Despite that no monument is needed to protect the Bears Ears area; both the TPA and Ride with Respect have a bias toward resolving controversy. We recognize that areas surrounding Cedar Mesa contain many cultural sites of significance. Therefore, while we recommend releasing most of the current acreage from Bears Ears National Monument, the TPA and Ride with Respect supports monument status for those areas that the Antiquities Act was truly designed to preserve. Upon releasing acreage from monument status, we hope you will implore Congress to pass a bill with more appropriate designations for the many other areas like Indian Creek that deserve additional protections in San Juan County and preferably the entire state of Utah. Like the UPLI, the bill should also benefit recreation and development interests in terms of providing longevity. Just as preservation advocates deserve to know that their gains won’t be stripped by a future president, recreation and development interests would need to know that their gains won’t be jeopardized by another monument proclamation. So long as the threat of unilateral mega-monuments looms, public-land disputes will worsen, and our nation will suffer.
Whether people are of Native American or other heritage, we respect the wide range of opinions about Bears Ears National Monument so long as they are grounded by truth. Unfortunately, the majority of pro-monument comments are based on profound misunderstandings about how the land is managed. Even more unfortunate is the fact that wilderness-expansion groups deliberately propagate this misinformation along with their proxies, which include masquerading sportsman groups. For example, the Southern Utah Wilderness Alliance insists that “Bears Ears rectifies a history of racism towards the tribes” even though its lack of co-management actually repeats a history of false promises made to Native Americans. Just today, a Facebook post sponsored by The Wilderness Society claims “URGENT: The Trump administration is threatening to shrink more than 20 national monuments including Bears Ears and Grand Staircase-Escalante National Monuments. Speak now! Once they’re lost, they’re gone forever.” As a result, the well-meaning public writes letters opposing the loss of these places as if they’ll be privatized, strip mined, developed, or somehow dropped off the face of the earth. Although such letters are based on sincere concern, they are undermined by a false premise. Therefore it is key for you to prioritize comments that are in touch with reality, whether they support or oppose the Bears Ears National Monument.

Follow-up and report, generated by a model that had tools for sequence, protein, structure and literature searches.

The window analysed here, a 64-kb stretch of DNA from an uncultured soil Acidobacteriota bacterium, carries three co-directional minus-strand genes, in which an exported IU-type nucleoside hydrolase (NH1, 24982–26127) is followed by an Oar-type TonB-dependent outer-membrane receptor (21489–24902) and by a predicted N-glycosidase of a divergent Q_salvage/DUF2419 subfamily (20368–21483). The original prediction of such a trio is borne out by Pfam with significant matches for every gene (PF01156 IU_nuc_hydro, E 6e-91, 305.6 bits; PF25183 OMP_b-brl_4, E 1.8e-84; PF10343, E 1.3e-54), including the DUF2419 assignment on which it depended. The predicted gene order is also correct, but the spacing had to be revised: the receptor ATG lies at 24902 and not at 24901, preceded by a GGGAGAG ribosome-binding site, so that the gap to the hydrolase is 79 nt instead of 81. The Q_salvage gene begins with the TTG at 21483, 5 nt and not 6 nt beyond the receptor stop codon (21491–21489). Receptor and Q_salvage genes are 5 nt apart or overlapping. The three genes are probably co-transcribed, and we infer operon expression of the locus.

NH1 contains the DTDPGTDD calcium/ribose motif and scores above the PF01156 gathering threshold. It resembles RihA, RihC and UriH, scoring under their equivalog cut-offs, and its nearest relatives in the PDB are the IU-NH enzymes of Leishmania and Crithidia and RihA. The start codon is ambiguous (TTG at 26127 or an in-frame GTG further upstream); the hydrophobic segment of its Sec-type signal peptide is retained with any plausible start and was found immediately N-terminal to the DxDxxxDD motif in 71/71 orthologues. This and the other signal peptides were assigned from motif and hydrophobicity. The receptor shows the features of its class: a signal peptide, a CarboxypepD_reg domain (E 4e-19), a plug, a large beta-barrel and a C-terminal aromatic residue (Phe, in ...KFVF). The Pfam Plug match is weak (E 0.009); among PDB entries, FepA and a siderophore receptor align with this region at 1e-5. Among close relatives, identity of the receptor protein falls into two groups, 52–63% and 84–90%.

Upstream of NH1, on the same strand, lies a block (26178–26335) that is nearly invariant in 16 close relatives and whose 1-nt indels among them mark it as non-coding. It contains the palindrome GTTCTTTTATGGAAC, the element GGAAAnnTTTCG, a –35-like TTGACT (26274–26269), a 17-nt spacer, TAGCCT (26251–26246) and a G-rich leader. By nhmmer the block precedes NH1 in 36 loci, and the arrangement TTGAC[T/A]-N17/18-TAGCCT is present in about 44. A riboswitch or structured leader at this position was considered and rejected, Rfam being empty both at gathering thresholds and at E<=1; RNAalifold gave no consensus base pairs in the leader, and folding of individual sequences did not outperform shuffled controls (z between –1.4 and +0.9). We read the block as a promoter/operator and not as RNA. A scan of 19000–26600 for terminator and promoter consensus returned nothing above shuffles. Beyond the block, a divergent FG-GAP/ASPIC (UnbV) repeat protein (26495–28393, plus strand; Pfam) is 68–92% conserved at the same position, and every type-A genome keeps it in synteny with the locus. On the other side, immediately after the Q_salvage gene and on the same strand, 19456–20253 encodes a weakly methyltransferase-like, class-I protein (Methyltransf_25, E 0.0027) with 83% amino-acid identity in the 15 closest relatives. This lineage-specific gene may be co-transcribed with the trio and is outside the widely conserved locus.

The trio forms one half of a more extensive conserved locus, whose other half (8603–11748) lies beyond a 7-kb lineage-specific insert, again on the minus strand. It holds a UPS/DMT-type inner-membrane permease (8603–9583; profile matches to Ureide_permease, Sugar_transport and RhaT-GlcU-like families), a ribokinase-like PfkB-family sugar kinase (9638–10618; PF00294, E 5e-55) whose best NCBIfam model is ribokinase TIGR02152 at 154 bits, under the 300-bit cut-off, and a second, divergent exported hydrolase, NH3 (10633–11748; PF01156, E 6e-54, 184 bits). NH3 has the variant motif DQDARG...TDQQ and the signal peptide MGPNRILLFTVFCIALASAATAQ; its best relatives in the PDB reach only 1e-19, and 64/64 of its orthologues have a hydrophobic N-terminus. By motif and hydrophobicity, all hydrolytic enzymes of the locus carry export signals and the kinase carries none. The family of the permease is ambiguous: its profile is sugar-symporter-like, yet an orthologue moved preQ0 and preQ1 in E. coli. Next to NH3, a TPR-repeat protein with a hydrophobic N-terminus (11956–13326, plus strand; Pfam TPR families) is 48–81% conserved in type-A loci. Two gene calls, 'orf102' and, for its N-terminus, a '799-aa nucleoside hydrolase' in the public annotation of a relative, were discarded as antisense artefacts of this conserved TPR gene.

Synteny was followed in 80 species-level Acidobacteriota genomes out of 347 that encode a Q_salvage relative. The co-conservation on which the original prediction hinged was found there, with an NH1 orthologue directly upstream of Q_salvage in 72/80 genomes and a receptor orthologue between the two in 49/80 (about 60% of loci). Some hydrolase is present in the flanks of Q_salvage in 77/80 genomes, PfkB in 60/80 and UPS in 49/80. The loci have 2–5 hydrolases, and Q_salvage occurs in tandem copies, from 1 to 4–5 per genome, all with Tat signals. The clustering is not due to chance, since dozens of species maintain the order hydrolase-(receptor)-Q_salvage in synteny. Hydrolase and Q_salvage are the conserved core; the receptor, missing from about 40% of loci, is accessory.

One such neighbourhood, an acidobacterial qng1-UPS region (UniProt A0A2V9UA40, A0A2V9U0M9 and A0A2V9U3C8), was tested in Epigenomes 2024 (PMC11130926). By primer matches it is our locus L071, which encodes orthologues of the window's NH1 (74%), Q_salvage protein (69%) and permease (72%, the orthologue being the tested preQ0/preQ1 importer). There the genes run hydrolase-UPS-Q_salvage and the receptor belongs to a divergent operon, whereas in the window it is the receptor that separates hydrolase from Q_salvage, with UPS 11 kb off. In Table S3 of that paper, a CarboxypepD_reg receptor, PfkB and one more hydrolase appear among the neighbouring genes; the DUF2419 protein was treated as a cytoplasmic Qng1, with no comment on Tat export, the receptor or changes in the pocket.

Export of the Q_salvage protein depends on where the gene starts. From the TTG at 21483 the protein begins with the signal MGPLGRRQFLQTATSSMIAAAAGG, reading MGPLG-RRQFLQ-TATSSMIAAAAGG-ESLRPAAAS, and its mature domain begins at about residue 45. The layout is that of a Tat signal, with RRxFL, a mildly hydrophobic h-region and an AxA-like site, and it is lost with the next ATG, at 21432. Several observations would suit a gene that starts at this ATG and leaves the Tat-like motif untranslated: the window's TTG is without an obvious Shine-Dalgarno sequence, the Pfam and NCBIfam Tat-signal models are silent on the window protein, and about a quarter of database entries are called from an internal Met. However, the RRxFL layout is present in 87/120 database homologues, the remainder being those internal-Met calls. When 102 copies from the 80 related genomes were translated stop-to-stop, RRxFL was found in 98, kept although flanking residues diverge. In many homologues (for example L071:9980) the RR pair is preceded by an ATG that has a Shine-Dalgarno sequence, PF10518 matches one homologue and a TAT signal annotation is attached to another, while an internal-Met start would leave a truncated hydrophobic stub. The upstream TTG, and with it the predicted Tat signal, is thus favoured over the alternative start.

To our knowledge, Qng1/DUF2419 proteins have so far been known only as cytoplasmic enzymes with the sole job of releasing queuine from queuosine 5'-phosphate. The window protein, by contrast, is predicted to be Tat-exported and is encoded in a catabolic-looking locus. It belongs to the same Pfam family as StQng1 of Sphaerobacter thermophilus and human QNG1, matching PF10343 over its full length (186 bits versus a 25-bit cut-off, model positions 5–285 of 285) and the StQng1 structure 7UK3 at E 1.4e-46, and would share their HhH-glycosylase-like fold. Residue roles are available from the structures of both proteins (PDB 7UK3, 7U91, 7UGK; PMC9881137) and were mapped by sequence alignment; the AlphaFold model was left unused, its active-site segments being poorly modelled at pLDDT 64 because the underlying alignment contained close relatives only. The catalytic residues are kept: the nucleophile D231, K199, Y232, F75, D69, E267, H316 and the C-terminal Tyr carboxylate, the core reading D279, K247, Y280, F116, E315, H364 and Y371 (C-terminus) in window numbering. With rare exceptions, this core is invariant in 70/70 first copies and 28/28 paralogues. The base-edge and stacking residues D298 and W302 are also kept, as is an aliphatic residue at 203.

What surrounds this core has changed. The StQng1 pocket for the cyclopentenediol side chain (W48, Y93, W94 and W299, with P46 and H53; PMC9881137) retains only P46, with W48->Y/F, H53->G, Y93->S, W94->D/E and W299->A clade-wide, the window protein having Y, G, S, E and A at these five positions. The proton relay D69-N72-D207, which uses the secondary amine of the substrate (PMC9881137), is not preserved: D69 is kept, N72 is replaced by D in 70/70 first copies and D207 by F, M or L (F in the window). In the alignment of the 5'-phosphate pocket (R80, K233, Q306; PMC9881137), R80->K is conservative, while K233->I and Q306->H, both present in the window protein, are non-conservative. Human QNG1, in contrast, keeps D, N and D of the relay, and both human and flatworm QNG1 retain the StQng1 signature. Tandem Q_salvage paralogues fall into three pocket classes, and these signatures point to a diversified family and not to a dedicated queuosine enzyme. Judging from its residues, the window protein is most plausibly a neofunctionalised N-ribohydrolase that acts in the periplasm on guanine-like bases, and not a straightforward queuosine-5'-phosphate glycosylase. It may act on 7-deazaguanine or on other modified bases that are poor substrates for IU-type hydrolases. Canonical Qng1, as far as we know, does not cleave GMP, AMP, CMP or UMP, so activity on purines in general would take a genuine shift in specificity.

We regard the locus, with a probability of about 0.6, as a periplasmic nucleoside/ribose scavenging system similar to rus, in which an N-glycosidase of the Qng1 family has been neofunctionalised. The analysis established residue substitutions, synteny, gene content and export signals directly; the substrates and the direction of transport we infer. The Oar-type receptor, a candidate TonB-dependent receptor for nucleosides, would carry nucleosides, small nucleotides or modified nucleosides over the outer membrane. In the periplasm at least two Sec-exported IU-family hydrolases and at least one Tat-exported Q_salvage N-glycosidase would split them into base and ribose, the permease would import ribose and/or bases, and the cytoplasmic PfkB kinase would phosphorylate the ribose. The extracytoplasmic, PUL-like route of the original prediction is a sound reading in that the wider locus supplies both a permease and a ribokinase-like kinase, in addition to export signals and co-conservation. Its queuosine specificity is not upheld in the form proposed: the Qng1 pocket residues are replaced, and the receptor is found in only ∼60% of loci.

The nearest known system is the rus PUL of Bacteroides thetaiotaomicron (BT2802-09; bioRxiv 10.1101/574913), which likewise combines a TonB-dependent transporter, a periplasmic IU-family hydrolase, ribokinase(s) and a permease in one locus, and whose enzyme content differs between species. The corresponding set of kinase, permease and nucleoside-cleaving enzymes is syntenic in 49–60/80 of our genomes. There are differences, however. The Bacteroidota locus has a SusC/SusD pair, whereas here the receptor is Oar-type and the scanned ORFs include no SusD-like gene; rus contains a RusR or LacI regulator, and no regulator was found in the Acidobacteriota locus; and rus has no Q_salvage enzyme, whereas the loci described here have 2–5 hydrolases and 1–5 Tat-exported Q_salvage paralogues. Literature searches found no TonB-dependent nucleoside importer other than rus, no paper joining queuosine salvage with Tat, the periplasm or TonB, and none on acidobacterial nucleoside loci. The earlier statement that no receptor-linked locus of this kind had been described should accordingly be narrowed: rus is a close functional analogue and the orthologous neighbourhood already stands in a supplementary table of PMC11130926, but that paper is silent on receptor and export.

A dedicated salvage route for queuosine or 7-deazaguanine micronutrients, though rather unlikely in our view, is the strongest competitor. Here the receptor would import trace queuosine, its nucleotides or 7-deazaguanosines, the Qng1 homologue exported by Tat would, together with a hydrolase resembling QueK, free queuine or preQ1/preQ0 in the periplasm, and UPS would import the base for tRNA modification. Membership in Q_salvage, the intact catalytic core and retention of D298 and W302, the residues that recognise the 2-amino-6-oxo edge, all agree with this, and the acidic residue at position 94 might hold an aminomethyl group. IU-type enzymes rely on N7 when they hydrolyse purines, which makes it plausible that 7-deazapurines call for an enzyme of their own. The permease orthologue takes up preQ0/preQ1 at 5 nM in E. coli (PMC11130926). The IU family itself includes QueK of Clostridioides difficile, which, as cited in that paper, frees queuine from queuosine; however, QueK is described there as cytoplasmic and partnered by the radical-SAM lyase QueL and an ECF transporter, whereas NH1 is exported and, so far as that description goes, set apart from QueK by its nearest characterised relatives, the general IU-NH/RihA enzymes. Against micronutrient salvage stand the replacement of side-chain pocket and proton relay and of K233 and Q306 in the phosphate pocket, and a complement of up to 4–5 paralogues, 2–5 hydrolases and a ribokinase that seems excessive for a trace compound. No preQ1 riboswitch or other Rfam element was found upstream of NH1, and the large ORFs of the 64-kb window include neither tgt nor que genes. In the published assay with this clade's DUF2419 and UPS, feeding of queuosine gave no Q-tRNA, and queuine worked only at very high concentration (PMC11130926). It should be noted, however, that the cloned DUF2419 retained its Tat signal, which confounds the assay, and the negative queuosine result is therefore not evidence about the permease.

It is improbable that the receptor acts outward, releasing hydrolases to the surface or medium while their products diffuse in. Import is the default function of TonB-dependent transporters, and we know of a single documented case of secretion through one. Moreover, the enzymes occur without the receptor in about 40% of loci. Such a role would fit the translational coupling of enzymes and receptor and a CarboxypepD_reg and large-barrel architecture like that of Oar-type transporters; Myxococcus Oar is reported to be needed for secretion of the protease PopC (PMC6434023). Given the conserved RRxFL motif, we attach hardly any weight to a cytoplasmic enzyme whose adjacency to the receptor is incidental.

In reality, responsible OHV access is frequently under attack, and monument designations have historically added another “hammer” for preservationists to wield. Even in BLM-managed monuments like Grand Staircase and Canyons of the Ancients, OHV riders have had to fight for the existing roads, let alone trails. If those who peddled for Bears Ears are any indication, this monument would be more of the same. The National Parks Conservation Association urged closing Lockhart Basin 4WD road to all vehicles that are not registered for highway use, which would exclude all ATV’s. Utah Dine Bikeyah endorsed designating the majority of western San Juan County as wilderness, which excludes all motorized and even mechanized use. The Bears Ears Inter-Tribal Coalition recommended the monument proclamation to limit all motorized use to roads, only.
More importantly, the Bears Ears campaign was intended to be a short cut, but it wound up causing deep wounds in southeast Utah. Spending over twenty million dollars, the campaign certainly won over some people. Backed by the same people who orchestrated Grand Staircase-Escalante National Monument, the Conservation Lands Foundation created Utah Dine Bikeyah and funded the Bears Ears Inter-Tribal Coalition. The Grand Canyon Trust alone has spent millions of dollars on its “Native America education” project. While aspects of it may be commendable, the thrust appears to be pushing Bears Ears upon San Juan County with an utter disregard for its residents. This cannot provide a foundation for healing among cultures, as the Bears Ears campaign purports. We sincerely hope that some of these aspirations can be realized through a more inclusive process.
To promote a more thorough process for Congress, the new administration could help by tempering some of the quick fixes that got us into this mess in the first place. When formulating the Bears Ears campaign, wilderness-expansion groups stated, “The more land the better.” In response, many other stakeholders are now calling to rescind Bears Ears National Monument, and to take further steps. To deescalate the situation, scaling the monument back to reflect its outstanding objects of antiquity is the right thing to do for this land and its people.
Director of Operations
Trails Preservation Alliance